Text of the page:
July 31, 2014 Articles

The Young Lawyer's Guide to Indigent Defense

A few pointers for young attorneys on how to represent indigent defendants where there is no local public defender's office.

Cleveland M. Patterson III – July 31, 2014

Every year, thousands of students graduate from law school, ready to embark on their career in the legal profession. A fraction of these future attorneys will choose a path of public-interest law, fueled with the desire to help those who do not have the resources to help themselves. In 1963, the Supreme Court unanimously ruled, in Gideon v. Wainwright, 372 U.S. 335, that state courts are required under the Fourteenth Amendment of the U.S. Constitution to provide counsel in criminal cases to defendants who are unable to afford their own attorneys. Three years later, the Supreme Court guaranteed the right to counsel to defendants in criminal cases; and in Miranda v. Arizona, 384 U.S. 436 (1966), held that counsel would be appointed if a defendant were indigent. As result of these monumental Supreme Court decisions, defendants accused of committing crimes, no matter how big or small, will receive legal representation.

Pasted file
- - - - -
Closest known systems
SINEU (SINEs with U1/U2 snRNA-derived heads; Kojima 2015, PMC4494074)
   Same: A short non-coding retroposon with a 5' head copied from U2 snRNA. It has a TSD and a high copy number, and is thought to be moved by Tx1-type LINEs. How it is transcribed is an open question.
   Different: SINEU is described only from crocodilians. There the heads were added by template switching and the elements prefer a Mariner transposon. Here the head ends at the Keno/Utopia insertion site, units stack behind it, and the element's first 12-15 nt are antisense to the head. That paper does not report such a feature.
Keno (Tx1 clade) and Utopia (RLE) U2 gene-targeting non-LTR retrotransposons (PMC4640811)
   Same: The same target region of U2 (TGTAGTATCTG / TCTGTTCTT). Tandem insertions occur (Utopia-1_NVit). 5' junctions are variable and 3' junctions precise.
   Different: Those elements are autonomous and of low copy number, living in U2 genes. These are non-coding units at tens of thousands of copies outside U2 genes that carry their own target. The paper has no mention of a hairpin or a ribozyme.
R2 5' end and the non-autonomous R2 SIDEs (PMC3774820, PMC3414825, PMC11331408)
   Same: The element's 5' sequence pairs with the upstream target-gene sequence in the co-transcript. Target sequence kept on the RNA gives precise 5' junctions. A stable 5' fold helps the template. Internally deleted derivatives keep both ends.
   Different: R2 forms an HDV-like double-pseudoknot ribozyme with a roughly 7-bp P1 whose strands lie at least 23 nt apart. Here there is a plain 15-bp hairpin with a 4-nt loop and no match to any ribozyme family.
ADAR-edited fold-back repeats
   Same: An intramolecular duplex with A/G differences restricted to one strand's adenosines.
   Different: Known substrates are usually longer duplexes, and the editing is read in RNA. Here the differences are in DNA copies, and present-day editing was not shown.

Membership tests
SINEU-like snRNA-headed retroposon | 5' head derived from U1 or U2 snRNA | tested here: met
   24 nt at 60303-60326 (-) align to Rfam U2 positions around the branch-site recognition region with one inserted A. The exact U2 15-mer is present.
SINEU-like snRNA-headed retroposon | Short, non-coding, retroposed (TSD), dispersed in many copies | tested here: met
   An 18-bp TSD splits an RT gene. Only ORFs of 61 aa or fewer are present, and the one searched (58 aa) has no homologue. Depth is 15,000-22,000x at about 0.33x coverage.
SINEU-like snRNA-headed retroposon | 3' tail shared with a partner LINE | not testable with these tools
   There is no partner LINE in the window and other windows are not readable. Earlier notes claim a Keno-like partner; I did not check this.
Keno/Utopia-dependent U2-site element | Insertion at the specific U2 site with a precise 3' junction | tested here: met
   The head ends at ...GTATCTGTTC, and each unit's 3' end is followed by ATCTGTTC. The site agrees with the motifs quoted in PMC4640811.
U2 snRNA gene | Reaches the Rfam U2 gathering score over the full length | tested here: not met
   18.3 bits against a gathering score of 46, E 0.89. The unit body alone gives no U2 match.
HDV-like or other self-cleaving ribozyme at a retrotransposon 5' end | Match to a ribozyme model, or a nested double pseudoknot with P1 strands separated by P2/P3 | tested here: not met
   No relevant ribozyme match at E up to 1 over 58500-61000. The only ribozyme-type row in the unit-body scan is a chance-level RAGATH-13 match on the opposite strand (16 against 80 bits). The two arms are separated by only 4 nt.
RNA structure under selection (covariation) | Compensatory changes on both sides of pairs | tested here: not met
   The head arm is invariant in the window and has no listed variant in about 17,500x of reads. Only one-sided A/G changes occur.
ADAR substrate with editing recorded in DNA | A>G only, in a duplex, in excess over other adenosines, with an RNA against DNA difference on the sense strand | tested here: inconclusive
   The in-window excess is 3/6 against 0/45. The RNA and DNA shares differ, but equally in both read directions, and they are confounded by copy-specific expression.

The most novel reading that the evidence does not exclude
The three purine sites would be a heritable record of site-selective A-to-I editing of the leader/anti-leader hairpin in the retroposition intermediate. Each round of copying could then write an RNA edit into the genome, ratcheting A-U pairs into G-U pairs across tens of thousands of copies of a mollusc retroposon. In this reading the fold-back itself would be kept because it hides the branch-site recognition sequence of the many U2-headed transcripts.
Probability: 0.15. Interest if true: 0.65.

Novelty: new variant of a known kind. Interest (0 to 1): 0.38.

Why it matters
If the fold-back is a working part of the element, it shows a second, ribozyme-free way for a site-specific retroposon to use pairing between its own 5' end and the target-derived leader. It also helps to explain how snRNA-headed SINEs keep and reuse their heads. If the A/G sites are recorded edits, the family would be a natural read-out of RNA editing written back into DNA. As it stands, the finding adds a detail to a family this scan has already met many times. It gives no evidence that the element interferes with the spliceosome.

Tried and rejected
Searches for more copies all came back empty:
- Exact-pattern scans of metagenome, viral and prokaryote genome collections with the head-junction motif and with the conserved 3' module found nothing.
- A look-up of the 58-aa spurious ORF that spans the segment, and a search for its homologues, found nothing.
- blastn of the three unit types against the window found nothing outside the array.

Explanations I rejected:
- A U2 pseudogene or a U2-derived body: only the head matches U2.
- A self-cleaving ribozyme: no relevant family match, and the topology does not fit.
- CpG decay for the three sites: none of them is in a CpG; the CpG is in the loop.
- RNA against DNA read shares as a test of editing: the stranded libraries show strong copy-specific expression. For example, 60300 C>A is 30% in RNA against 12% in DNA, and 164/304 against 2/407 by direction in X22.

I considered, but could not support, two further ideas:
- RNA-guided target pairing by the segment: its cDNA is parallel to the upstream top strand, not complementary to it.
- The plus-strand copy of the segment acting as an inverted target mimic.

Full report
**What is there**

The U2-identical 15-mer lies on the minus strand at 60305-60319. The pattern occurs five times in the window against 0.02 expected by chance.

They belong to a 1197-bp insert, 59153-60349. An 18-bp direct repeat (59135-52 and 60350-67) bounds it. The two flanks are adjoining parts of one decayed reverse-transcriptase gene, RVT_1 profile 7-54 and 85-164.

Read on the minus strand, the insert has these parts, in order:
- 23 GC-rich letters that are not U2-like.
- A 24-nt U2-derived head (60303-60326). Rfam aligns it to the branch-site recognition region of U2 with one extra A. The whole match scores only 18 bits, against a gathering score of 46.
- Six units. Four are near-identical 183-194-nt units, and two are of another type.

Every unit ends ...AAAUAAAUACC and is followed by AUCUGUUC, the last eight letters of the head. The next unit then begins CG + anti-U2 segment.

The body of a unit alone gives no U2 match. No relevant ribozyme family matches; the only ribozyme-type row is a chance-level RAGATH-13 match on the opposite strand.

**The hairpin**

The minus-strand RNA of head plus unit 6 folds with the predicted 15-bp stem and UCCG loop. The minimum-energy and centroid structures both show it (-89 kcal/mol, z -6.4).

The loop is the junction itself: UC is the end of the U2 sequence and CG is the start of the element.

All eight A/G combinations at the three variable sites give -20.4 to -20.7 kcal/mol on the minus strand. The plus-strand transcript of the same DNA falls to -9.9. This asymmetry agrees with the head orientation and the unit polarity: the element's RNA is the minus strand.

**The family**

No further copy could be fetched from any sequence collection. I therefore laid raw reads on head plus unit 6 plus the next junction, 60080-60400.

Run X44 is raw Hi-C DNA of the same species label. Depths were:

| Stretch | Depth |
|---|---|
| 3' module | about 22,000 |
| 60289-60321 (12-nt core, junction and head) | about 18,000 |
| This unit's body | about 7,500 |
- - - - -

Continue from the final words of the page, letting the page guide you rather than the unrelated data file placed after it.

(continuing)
Young attorneys who wish to champion the cause of representing indigent criminal defendants often find employment with their local public defender's office. These public defenders are salaried employees of the state and provide a great amount of indigent criminal defense in the country. Small cities often do not have a public defender's office; therefore, the state must find other ways to retain counsel for those who cannot afford an attorney. Some courts enter into a contract with a law firm and allow associates from that firm to represent low-income defendants. There might also be a legal-aid or legal-services organization serving the community. In other places, attorneys are appointed on a case-by-case basis as legal counsel for those who cannot afford representation, or are assigned to represent indigent defendants on the court's criminal docket. These attorneys act as independent contractors and are paid a fixed amount by the court. Although the court's list of appointed attorneys may be long, it is very competitive among newly minted attorneys. Here are a few pointers for young attorneys on how to represent indigent defendants in criminal cases when they reside in a city where there is no public defender's office.

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